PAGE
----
Fall 2013 - 9
I
n times of illness, trauma and loss, many people require more than physical
care to cope and heal.
That’s why the chaplains at The University of Tennessee Medical Center
serve team members, patients and family members 24 hours a day providing
emotional and spiritual support. In times of stress and recovery, patients have
a fundamental right to considerate care that safeguards their personal dignity
and respects their cultural, psychosocial and spiritual values. Miracles happen
every day, and chaplains are often on the front lines of triumph as well as
despair. Pastoral Care director Steve Sexton says, “Words can be inadequate.
So often I am there to just be present and provide spiritual and emotional
encouragement.”
Being present as people face some of life’s most challenging times is what the
does on a daily basis. Each day they are prepared to expect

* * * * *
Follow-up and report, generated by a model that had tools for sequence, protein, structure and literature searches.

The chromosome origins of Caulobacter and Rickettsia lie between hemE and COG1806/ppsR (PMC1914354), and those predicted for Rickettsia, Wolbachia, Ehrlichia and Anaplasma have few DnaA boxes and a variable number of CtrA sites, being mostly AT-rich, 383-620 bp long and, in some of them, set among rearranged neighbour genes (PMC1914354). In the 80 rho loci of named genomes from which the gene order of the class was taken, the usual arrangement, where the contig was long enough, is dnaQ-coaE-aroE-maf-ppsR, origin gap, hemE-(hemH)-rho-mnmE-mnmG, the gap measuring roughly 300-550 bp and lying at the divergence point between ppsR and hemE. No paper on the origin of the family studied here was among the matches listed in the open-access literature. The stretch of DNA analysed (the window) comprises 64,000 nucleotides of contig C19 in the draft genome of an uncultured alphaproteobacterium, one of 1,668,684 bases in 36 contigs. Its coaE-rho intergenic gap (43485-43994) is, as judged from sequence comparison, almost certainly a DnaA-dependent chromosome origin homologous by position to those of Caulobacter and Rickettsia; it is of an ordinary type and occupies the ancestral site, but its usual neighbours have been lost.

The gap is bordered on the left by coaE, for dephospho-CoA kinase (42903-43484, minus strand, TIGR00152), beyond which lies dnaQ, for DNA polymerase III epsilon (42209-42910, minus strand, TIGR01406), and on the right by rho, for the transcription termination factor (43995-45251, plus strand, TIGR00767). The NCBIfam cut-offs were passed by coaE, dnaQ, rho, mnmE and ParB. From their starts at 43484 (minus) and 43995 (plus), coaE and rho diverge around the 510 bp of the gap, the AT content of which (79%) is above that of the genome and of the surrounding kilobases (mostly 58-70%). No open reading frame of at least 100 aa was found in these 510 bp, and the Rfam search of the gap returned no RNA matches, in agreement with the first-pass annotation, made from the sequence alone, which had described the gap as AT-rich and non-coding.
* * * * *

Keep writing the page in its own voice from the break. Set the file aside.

the unexpected: offering comfort in times of distress, rejoicing at the birth
of a new baby or encouraging test results, journeying alongside patients as
they experience the highs and lows of recovering from illness, listening and
providing counsel in challenging circumstances.
Offering spiritual care and comfort to patients and families is only part of the
ministry Pastoral Care provides – tending to the emotional and spiritual needs
of medical staff is also a vital part of their everyday work. The medical staff
understands assisting with spiritual and emotional needs is an important part
of caring for the whole person. As part of an academic medical center, the
helps the hospital fulfill its mission of education by
having a full-time chaplain residency program and serving as a resource for
pastoral education in the region.
Healthcare
Chaplaincy
Sources of Comfort and Meaning
By Bonnie Horner
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